"Much of the intrusion activity traced to Chengdu is similar in tactics, techniques and procedures to (Byzantine Hades) activity attributed to other" electronic spying units of the People's Liberation Army, the cable says.

The precise relationship with the Chinese Army of suspected hacker Chen Xingpeng could not be immediately determined by Reuters. A spokesman for the Chinese embassy in Washington did not respond to multiple requests for comment. The US State Department declined to comment.

But the leaked cables and other US government reports underscore how Chinese and other state-sponsored and private hackers have overwhelmed US government computer networks.

In the last five years, cyber-intrusions reported to the US Computer Emergency Response Team, a unit of the Department of Homeland Security, have increased more than 650 per cent, from 5,503 incidents in fiscal 2006 to 41,776 four years later, according to a March 16 report by the Government Accountability Office.

The business of spying

The official figures don't account for intrusions into commercial computer networks, which are part of an expanding cyber-espionage campaign attributed to China, according to current and former US national security officials and computer-security experts.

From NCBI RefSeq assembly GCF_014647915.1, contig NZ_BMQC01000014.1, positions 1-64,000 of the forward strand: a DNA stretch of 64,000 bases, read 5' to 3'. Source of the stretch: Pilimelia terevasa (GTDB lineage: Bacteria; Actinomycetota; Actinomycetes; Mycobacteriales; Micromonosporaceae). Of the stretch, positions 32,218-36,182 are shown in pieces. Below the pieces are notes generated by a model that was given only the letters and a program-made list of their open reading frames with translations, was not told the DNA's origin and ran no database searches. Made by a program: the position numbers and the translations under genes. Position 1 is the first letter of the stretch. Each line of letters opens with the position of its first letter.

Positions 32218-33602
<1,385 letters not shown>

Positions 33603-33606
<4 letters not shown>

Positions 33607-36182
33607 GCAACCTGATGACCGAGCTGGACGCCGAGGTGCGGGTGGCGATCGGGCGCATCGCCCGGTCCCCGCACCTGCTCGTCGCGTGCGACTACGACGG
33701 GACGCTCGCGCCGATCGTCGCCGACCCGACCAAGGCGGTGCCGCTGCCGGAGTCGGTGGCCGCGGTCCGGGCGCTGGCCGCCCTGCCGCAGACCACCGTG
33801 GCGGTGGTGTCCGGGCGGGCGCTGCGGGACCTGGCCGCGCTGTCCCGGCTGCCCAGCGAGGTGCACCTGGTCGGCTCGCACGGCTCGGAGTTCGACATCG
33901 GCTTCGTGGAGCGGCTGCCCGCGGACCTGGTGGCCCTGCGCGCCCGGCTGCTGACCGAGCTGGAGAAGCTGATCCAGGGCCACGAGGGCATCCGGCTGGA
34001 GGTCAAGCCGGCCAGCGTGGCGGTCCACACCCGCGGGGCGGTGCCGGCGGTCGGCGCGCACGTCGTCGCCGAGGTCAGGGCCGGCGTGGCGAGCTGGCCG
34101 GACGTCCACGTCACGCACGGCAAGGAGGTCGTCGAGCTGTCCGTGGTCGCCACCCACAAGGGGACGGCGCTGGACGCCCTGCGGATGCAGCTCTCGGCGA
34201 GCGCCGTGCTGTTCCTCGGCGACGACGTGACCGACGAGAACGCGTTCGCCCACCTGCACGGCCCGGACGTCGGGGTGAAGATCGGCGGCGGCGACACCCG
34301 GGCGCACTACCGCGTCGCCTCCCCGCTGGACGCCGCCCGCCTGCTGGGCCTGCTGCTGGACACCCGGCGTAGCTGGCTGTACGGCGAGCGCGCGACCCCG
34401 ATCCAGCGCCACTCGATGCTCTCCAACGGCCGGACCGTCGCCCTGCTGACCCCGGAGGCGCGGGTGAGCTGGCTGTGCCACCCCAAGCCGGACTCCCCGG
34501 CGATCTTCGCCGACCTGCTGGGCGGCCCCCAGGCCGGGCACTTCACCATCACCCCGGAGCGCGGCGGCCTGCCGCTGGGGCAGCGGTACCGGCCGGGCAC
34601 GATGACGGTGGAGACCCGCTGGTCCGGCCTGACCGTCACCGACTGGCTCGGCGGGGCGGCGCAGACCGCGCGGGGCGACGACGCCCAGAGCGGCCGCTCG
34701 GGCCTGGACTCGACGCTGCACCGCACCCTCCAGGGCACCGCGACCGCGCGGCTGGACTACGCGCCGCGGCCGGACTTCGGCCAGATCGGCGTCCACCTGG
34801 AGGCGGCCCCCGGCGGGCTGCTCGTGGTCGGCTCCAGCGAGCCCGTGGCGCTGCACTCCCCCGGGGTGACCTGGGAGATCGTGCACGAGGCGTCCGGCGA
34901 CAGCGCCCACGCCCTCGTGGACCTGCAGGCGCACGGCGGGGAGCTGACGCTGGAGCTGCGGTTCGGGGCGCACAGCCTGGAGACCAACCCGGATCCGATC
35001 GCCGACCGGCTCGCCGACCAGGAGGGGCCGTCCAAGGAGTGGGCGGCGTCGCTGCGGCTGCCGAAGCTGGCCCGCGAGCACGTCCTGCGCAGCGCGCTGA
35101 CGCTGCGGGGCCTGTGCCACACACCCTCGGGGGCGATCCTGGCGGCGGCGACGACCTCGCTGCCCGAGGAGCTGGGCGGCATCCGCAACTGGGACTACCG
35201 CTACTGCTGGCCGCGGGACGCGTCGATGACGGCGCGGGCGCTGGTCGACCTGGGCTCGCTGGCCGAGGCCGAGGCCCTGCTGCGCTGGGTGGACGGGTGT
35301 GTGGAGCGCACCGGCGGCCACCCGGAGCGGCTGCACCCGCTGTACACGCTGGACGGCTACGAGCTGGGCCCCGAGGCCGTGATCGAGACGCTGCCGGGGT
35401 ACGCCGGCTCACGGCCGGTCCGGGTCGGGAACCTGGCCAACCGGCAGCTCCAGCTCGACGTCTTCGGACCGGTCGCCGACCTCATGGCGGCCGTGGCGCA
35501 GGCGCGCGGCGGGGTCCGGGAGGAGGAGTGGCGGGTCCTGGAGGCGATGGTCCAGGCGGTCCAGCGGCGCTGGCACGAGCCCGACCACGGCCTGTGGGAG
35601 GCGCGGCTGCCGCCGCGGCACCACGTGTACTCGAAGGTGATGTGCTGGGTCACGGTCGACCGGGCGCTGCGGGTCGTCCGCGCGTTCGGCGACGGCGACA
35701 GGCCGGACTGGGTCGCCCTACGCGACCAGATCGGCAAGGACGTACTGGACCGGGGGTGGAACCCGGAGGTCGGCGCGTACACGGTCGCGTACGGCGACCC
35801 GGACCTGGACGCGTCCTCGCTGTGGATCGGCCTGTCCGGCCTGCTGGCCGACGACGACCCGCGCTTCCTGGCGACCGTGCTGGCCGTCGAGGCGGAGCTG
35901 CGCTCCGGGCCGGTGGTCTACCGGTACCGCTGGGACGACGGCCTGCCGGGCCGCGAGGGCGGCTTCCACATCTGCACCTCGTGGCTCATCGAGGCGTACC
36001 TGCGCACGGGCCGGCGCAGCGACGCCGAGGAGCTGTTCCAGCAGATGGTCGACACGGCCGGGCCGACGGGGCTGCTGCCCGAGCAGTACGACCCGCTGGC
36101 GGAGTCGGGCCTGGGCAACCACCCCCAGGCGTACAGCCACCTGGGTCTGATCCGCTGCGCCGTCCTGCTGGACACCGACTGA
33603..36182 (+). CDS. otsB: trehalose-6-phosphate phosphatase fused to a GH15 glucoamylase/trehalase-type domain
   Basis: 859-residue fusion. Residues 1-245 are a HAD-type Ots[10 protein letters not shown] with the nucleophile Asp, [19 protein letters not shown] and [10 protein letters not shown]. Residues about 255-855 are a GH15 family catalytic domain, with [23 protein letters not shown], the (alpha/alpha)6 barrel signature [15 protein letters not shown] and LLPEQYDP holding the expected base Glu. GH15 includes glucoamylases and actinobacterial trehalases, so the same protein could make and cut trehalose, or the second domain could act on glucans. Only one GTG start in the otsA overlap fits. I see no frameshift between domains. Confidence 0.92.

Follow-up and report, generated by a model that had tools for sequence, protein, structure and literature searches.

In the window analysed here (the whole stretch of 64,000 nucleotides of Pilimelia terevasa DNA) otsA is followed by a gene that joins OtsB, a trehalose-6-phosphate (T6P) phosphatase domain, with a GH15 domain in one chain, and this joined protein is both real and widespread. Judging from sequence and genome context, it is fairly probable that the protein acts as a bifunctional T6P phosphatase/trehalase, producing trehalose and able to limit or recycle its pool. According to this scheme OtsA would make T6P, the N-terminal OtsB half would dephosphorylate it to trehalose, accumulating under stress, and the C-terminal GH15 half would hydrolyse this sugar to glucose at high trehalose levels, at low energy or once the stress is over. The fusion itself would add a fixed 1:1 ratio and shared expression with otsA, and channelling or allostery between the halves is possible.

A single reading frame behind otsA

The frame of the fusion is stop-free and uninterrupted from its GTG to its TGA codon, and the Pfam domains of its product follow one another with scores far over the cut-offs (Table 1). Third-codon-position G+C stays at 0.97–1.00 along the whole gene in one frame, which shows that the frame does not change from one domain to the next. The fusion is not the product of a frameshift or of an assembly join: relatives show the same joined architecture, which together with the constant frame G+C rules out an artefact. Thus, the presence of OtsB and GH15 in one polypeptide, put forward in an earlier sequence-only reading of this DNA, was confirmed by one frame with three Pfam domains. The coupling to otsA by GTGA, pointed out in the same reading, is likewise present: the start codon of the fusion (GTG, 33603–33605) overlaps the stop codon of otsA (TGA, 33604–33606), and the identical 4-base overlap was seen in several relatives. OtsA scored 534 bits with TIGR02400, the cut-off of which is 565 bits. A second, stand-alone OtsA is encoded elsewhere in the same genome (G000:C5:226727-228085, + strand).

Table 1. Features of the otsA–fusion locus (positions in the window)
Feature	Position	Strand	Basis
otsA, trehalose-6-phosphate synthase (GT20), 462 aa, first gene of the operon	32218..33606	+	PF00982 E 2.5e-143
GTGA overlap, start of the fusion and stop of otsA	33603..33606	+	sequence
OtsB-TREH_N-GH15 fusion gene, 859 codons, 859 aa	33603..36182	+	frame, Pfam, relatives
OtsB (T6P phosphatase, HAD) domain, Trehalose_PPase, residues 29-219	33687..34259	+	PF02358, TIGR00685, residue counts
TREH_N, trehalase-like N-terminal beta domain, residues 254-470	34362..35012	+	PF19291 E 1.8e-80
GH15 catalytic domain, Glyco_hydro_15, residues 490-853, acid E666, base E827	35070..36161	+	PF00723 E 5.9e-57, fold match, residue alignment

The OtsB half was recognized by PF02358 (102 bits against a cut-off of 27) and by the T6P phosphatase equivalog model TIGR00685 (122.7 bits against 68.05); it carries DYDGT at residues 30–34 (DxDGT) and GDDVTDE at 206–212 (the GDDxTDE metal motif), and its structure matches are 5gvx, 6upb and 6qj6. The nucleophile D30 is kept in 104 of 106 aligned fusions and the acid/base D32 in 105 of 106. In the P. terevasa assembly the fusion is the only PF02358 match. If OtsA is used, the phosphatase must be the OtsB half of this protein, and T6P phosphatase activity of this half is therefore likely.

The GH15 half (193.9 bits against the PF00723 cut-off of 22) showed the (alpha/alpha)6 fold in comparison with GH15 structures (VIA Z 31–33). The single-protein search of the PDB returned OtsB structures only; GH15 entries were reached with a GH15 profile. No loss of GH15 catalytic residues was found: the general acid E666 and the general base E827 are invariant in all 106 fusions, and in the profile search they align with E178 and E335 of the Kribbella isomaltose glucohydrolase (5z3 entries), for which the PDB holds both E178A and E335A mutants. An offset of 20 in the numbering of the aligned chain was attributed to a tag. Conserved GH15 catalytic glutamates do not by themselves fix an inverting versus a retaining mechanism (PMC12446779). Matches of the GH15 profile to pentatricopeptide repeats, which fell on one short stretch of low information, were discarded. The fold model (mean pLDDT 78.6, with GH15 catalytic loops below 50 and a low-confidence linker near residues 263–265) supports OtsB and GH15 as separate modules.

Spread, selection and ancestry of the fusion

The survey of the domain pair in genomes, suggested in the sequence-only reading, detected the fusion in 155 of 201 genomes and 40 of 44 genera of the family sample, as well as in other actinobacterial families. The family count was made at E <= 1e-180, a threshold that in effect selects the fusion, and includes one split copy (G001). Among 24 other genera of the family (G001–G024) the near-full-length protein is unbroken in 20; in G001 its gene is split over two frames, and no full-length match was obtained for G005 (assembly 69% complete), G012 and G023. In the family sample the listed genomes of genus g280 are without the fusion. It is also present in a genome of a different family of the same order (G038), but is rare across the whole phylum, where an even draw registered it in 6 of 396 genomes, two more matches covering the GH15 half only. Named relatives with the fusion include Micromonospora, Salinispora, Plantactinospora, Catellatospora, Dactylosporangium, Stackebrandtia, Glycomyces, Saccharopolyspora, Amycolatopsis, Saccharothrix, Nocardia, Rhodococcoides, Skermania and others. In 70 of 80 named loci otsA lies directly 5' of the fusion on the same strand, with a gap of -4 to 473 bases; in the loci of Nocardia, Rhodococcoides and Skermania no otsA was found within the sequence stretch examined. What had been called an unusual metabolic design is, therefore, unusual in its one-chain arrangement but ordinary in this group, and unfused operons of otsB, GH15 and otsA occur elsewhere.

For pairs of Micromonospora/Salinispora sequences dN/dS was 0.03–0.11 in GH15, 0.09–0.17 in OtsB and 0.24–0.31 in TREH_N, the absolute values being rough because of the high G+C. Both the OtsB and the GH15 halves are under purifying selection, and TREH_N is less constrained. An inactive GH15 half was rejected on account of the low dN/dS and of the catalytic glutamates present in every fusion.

In the last two years, dozens of US companies in the technology, oil and gas and financial sectors have disclosed that their computer systems have been infiltrated.

In January 2010, Internet search giant Google announced it was the target of a sophisticated cyber-attack using malicious code dubbed "Aurora," which compromised the Gmail accounts of human rights activists and succeeded in accessing Google source code repositories.

The company, and subsequent public reports, blamed the attack on the Chinese government.

The Google attack "was certainly an escalation of Chinese network operations against the US," says Joel Brenner, former counterintelligence chief for the Office of the Director of National Intelligence. "Thousands" of US companies were targeted in the Aurora attacks, Brenner says -- far more than the estimated 34 companies publicly identified as targets so far -- a scale which Brenner says demonstrates China's "heavy-handed use of state espionage against economic targets."

Many firms whose business revolves around intellectual property -- tech firms, defense group companies, even Formula One teams -- complain that their systems are now under constant attack to extract proprietary information. Several have told Reuters they believe the attacks come from China.